Last weekend, Matthew studied the Ten Plagues. He made an origami pyramid and we glued images representing each of the plagues on the outside. He learned that God was showing the Egyptians that He is the One, True God.
Tonight, we had a Seder/Passover Celebration.
Well, a mini one. We made up a Seder Plate. We prepared some recipes my cousin shared with me. We flipped through the pages of the Haggadah I borrowed from the library. We talked about the preparations before, that kosher means things were specially prepared and blessed, and walked through the whole celebration. We stopped to read the parts about the questions and the answers. We read through the play. We did certain things like dipping the greens in the salt water, washing our hands and drops of wine for each plague. We talked about the symbolism of all these things.
The light bulbs went on as we read through the play. It was everything Matthew has been working on in his text, learning about Salvation History. Then, when we came to the end, at the 4th Cup it seemed to click. The eyes were wide and he was bouncing in his seat a little as he answered questions. The Passover. The Last Supper. The Eucharist. He's been taught all this before. We've talked about it. But sitting there with the cup in his hand, finishing our walk through this Haggadah, this book that Jewish people use for Passover, that it clicked. The connection between Salvation History - all these people he's learning about, the pictures he cuts out and glues on his timeline, Church every Sunday, the Eucharist that he receives so solemnly and adores.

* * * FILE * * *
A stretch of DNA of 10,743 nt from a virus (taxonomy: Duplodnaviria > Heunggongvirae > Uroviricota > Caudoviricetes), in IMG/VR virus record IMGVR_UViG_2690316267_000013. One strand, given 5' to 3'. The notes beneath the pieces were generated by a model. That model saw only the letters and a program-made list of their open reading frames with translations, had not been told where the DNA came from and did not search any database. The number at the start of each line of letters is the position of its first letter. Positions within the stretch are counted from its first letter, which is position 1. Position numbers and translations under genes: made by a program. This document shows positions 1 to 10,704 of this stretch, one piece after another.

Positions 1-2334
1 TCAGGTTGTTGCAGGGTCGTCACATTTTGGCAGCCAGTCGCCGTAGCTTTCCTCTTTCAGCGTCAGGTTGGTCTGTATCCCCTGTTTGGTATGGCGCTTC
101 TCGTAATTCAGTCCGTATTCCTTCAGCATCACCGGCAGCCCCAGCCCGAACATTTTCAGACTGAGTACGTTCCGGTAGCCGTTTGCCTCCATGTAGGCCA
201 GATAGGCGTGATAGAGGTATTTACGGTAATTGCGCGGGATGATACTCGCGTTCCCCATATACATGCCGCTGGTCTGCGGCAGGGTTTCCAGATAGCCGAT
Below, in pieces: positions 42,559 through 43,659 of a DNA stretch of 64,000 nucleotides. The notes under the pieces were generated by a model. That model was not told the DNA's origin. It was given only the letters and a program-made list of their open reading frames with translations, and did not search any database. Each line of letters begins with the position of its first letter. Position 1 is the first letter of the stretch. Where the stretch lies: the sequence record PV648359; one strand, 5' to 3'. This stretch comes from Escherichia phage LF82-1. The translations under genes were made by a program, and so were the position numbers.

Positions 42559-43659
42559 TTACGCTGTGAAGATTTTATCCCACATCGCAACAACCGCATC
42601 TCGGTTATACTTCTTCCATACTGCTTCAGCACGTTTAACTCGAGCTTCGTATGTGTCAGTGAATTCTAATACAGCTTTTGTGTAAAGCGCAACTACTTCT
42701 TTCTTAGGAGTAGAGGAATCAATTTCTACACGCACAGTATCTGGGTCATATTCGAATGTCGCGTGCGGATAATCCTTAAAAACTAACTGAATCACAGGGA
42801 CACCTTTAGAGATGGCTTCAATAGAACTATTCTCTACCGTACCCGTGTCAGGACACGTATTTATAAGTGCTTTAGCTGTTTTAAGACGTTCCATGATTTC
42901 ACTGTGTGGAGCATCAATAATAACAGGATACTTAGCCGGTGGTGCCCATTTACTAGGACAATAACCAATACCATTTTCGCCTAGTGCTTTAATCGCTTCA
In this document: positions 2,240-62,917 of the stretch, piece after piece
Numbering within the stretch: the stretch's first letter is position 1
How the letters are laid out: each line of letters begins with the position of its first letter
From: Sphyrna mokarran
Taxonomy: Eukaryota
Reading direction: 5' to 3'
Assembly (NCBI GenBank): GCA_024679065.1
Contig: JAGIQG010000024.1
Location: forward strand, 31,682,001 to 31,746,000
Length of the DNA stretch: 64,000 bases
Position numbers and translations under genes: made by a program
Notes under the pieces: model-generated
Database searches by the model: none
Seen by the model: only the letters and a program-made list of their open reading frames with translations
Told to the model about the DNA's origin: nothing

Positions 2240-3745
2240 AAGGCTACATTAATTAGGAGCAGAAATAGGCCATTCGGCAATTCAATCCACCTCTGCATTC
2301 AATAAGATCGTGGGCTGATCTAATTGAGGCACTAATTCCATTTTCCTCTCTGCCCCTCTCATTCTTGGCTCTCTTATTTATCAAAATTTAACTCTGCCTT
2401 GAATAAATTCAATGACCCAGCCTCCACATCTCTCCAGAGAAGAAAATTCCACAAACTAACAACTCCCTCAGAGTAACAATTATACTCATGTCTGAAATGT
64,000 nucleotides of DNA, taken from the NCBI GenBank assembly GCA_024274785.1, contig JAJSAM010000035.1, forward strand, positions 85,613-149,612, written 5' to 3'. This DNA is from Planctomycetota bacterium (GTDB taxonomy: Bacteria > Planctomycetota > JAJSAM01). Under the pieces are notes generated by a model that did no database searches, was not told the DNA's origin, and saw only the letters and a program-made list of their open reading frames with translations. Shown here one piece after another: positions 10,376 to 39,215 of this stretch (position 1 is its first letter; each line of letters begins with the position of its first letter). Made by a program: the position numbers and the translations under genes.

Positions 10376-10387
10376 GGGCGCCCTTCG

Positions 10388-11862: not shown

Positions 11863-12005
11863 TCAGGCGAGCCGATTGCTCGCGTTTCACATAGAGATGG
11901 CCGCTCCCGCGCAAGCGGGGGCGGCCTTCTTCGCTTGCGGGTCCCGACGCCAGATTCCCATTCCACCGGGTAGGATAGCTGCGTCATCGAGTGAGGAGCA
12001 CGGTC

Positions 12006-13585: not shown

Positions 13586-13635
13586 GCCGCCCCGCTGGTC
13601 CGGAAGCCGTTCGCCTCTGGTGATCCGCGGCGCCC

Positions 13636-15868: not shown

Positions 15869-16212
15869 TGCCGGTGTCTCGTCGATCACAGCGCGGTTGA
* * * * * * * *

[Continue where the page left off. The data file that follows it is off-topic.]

Matt teased me as I was trying to roast an egg and figure out what was what and which was which on the Seder plate and realized the matzoh I bought wasn't kosher, "You know, we're not Jewish." No, we're not. Our cultural, ethnic background is not Jewish. We're just not Jewish. Period. But the oldest root of our faith? They are Jewish. The ancestor of our Christian faith, is Jewish. This Seder meal is a part of our faith history. And to fully understand the Eucharistic meal that we are blessed to receive and share, we must understand and appreciate the Passover.
But I did rock the charoset. Kosher or not.